Tag Archive | SARS virus

WHO to hold emergency talks on deadly MERS virus

MERS Virus Alert

The World Health Organisation said Friday it would hold an emergency meeting next week on the deadly MERS virus, amid concern over the rising number of cases in several countries.

The UN health agency will host the emergency meeting on Tuesday to discuss the worrying spread of the virus, which in less than two years has killed 126 people in Saudi Arabia alone, spokesman Tarik Jasarevic told reporters in Geneva.

The WHO’s emergency committee has already met four times to discuss the mysterious corona virus, which surfaced in mid-2012.

“The increase in the number of cases in different countries raises a number of questions,” Jasarevic said, without giving further details of the aim of the new talks.

The WHO experts will brief reporters at the end of the teleconferenced meeting on Tuesday evening, he said.

The Middle East Respiratory Syndrome coronavirus (MERS-CoV) is considered a deadlier but less-transmissible cousin of the SARS virus that broke out in Asia in 2003, infecting 8,273 people and killing nearly 800 of them.

Like SARS, it appears to cause a lung infection, with patients suffering from a temperature, coughing and breathing difficulties.

But it differs in that it also causes rapid kidney failure.

MERS virus kills a man in Jordan

MERS Virus Alert

A man has died in Jordan after being infected with the Mers virus, a media report said Tuesday, in the kingdom’s second fatality from the disease this year and fourth since 2012.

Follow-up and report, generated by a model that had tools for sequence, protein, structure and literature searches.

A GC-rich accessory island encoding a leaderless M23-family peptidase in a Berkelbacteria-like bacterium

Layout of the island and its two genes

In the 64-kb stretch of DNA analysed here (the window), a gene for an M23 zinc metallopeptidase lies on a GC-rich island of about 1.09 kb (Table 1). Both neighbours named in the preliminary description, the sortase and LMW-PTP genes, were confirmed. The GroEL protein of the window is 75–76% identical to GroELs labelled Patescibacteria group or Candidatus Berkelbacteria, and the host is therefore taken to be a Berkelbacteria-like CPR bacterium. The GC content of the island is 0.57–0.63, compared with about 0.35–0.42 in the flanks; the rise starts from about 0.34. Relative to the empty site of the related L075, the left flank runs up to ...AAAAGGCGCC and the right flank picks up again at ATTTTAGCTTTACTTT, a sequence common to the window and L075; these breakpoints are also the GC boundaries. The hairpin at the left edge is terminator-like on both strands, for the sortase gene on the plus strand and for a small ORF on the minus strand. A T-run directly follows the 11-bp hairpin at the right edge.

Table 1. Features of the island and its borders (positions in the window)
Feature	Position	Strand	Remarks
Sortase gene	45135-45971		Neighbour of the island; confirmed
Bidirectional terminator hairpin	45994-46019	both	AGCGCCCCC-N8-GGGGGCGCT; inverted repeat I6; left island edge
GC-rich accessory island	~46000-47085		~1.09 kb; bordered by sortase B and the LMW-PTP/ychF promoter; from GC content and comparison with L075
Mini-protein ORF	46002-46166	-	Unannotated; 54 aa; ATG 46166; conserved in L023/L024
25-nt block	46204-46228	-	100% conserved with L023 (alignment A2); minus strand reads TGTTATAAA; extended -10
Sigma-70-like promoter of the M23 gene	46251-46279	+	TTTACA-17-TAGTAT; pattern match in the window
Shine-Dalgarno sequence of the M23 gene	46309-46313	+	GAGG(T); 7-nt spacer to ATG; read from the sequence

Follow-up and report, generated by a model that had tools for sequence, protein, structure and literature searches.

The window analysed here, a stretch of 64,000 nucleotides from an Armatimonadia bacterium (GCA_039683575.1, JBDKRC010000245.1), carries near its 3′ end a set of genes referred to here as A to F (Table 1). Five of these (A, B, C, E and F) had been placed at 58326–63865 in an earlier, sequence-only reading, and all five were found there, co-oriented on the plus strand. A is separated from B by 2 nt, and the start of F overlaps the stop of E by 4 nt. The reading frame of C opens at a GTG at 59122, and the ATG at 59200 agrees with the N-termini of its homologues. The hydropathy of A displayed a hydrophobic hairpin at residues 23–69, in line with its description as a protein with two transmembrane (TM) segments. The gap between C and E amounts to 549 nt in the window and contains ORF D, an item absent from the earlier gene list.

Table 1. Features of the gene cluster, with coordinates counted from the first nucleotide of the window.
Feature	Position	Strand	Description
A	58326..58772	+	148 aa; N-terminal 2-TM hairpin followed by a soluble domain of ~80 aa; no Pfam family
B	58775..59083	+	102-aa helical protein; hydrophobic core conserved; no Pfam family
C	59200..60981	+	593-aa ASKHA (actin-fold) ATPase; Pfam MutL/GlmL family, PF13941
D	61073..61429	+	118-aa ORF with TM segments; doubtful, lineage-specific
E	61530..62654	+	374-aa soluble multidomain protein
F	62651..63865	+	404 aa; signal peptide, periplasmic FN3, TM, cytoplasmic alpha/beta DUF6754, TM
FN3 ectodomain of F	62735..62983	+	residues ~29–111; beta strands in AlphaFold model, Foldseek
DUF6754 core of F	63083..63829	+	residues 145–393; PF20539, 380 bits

The Middle East Respiratory Syndrome coronavirus is considered a deadlier but less-transmissible cousin of the Sars virus that erupted in Asia in 2003 and infected 8,273 people, nine per cent of whom died.

Jordan reported the first death from Mers in February, after two fatalities in 2012.

“The new death from the coronavirus was one of those infected with the virus who was 56 years old who was suffering from anaemia and pneumonia, and who had been hospitalised,” health ministry official Mohammad Abdullat was quoted as saying by state news agency Petra.

Mers emerged in 2012 and is mostly focused on Saudi Arabia, where it has killed 115 people, according to health officials there.

Saudi Arabia’s number of Mers infections has also reached 414, the world’s highest tally, the ministry reported.

There are no vaccines or antiviral treatments for Mers, a disease with a mortality rate of more than 40 per cent that experts are still struggling to understand.

Some research has suggested that camels are a likely source of the virus.

2,300 tubes containing SARS virus samples missing in France

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A major French biomedical research body, the Pasteur Institute, have launched an investigation into the disappearance of some 2,300 test tubes containing samples of the SARS virus. The loss was discovered during an inventory.
 
The Pasteur Institute filed a so-called ‘complaint against X’ on Monday over the lost SARS (severe acute respiratory syndrome) samples. According to French law, such complaints allow law enforcement agencies to investigate a certain case, without targeting specific individuals or companies.
 
The distinguished research body has also announced it has closed its P3 laboratory, where the samples of the potentially deadly virus were kept.

SARS-Like MERS Virus Spreads Among Health Care Workers

SARS